After a hectic first month encompassing four races, the IndyCar Series focuses its sights for the next month on the crown jewel of the sport: Indianapolis and the 92nd running of the 500. A driver who has not yet tasted the milk but stands as...
After a hectic first month encompassing four races, the IndyCar Series focuses its sights for the next month on the crown jewel of the sport: Indianapolis and the 92nd running of the 500. A driver who has not yet tasted the milk but stands as one of the favorites to win this year's edition is Target Chip Ganassi Racing's Scott Dixon.
Dixon's been at the front of the field lately, leading the most laps his last two starts in Japan and Kansas, but has been snake bit when it comes to leading on the last lap. He finished in a disheartening third place on both occasions.
Today the nationwide traveler made a pit stop at the legendary and treacherous Milwaukee Mile, the only active circuit older than Indianapolis, to discuss his season to this point. "It's tough, because coming up short two races in a row is very frustrating," Dixon told Motorsport.com's reporter exclusively. "The first week you can take it, but it is more difficult when it happens two weeks in a row. We have to have some good luck for the month of May, because we have the speed, the package and the team."
"As far as Indy goes, being in position to win comes down to a lot of things. You have to have a great car, great pit stops and good position on the last stop; in 2003 we had the fuel pickup problems. It's a combination of a lot of things, you need the speed, consistency and good luck."
This year's 500 marks Dixon's sixth try, all coming underneath Ganassi's banner. The last time the storied open-wheel owner won the event was in 2000 with Juan Pablo Montoya, who tied his best oval finish in NASCAR this weekend with a runner-up finish at the Sprint Cup event in Talladega. Dixon has the longest tenure of any driver in Ganassi's history, in any series. What makes the Kiwi thrive in a no-nonsense, expect-to-win environment?
"For me, it's that the personalities don't clash," Dixon said of his relationship with Ganassi. "I'm quite a quiet guy, and we don't fight about stuff. We both expect to work our hardest and the best we can to win, and he's a straight up guy. For our team in (Sprint) Cup, this was a good effort. Our (IndyCar) side of the team expects to win each weekend, but the Cup side is still trying to perform."
Dixon also touched on his relationship with teammate Dan Wheldon: "It's pretty good now," he quipped. "There were a few tough moments early on. We're both very competitive, but now we have a good friendship and work together as teammates, though the first year was a bit tough."
Dixon's downfall at Kansas was an ill-timed caution while he was pitting, another case of bad luck. How his teammate won was due in some part to backmarkers that hindered Tony Kanaan's challenge. With the bigger field, Dixon acknowledged that more competition was only beneficial to the series. He also hinted the increased field size could pose a challenge at Indy given the amount of practice time.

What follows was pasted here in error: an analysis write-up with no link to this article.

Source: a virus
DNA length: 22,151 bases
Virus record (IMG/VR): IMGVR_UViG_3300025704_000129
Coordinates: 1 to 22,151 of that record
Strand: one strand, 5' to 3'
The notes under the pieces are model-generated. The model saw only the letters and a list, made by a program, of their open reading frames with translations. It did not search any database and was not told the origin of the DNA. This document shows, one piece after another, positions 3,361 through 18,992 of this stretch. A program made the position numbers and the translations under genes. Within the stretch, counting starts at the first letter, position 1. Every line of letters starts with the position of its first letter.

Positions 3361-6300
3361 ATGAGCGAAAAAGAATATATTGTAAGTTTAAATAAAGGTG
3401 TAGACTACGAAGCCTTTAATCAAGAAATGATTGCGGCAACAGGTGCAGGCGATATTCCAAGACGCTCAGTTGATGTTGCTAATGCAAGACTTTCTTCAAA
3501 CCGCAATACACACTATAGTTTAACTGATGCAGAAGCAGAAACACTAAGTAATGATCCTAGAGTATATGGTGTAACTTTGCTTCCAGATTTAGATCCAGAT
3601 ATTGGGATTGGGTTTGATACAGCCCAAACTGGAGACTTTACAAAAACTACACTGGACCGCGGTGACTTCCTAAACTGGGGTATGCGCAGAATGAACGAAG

"I think it's fantastic, as there's a lot more going out on the track," Dixon said of the added competition. "Their transitions have been very quick. They've made a smooth transition so far considering the circumstances."
"The way the schedule is for Indy, it makes them a lot better. It gives them more time to work on the car, just based on how the cars are put together. I think they'll get up to speed a lot better, but from that part of the season onwards they'll find it tough based on the two-day weekends like we had at Kansas."
With more cars and a couple noteworthy new winners this season, it was interesting to hear the veteran's perspective on where the IndyCar Series goes from here. "I think the merge was necessary, with the right pieces put together," Dixon offered. "I've always said whether they do it or not was their business."
"For the new formula, they need to concentrate on keeping it similar. I would like a little more power out of the car, make the cars a little better. I have no idea what engine they would look into. It's such an early stage and they are trying out many ideas. Turbos could be a good addition, but there's diesel power too and lots of other options."
Forgotten amidst the hoopla of the current "transition drivers" from Champ Car now, were the ones that switched after the 2002 season, but did not have the same tag applied. Dixon was among those and promptly won on debut at Homestead, later going on to win the season championship after a year- long battle with four other drivers.
As it stands now, the top four in the standings are covered by 15 points. Although he currently trails Helio Castroneves by six markers, Dixon won at Homestead this year and didn't take the points lead until later in the year. Anyone else see a parallel? The New Zealander continues his championship push with the start of practice at Indy on May 6, with the race a further 19 days after that.